A pile of unpeeled fava beans and Whiskey Wilson the Pomeranian-papillon blonde make this a Wednesday in May, make this northern Californian spring.  The shrinking potion and scattered clothing and my immigrant houseplant mark my arrival, as always – you will know me by the texture of mess in your apartment.

This summer we’ll both move away from trains and I’ll worry about everything – as usual: work, money, fiction, The Right Thing To Do – and you’ll continue to be too busy to stretch or ice your hurt knee.  There is so much.  Paperwork and bean-peeling and boxes to pack and suitcases to buy and airplane rides to pay for and sleep through.  Tuition to earn.  There is the sublettor to find and there will never be an end to the unanswered e-mails and phone calls. There will never be an end to the unread books and unwritten grant applications.  And there is the bed-making and sheet-destroying, there are the songs to listen to and wine that must be drunk.  There is always, always the necessary filming and performing of pornography.  Mascara to put on and wash off.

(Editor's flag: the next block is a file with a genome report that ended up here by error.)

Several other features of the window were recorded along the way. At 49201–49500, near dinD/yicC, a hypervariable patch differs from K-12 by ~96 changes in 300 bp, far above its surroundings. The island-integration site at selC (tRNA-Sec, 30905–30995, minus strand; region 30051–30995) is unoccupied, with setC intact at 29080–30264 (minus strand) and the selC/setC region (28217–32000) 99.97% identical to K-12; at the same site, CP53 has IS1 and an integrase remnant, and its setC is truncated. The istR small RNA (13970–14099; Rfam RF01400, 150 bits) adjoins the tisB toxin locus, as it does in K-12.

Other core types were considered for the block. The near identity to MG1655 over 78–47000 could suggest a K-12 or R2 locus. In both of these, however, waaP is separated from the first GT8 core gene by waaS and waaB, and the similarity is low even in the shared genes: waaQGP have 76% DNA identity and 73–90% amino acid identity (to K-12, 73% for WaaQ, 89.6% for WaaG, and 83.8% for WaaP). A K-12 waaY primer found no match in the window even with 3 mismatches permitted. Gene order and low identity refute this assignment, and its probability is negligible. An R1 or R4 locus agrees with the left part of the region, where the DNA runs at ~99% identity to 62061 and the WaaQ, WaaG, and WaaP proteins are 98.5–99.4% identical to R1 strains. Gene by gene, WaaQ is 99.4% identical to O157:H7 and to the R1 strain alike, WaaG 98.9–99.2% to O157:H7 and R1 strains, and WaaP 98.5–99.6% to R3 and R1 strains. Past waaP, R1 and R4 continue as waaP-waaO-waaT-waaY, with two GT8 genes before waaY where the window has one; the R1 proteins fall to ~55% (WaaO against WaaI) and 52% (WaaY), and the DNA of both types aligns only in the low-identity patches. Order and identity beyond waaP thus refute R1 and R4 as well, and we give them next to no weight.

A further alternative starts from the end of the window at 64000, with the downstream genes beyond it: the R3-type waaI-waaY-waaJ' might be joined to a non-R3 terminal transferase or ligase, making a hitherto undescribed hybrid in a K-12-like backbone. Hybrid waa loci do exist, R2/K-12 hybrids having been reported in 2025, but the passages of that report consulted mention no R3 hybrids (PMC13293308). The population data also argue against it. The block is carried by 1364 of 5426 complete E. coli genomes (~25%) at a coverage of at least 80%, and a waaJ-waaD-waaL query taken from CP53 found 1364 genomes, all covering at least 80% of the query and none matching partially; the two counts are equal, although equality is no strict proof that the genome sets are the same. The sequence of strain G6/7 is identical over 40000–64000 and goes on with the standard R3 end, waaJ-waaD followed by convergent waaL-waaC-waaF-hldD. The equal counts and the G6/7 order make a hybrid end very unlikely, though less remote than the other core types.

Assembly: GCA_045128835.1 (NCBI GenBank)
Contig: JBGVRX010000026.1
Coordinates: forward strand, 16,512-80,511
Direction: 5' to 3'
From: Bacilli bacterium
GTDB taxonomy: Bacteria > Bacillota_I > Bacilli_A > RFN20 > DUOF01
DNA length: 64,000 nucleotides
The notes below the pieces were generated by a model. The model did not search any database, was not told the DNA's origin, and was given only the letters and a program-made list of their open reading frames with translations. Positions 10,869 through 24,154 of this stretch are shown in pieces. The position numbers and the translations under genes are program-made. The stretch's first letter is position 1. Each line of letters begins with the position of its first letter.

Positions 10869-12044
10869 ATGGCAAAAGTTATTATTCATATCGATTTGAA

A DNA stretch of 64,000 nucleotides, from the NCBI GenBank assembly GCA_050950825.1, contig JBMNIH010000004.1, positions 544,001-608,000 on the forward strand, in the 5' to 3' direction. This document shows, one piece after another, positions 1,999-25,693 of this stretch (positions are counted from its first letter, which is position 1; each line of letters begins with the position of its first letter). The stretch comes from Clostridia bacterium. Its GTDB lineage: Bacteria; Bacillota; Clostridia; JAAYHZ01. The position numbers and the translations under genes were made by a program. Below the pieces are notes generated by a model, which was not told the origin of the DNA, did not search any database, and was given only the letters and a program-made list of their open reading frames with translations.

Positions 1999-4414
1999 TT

I can’t believe we’re here: running the dog at seven forty-three a.m. in a deserted patch of Golden Gate Park with one leaky cup of coffee between us.  The crows that Whiskey Will chases through the particulate grey are bigger than he is; they swoop black-patent-shine just above his head and land in a cluster, ten feet away from his frantic, galloping body before taking off again, with absolute grace and disregard.  We’re sleepy and unwashed in elasticized clothing.  Two different meanings for the word “jumper”.  The dog eats two-thirds of a corn-cherry scone while we try to teach him to come when called, and I wish that someone would do this for me, would teach me my name.

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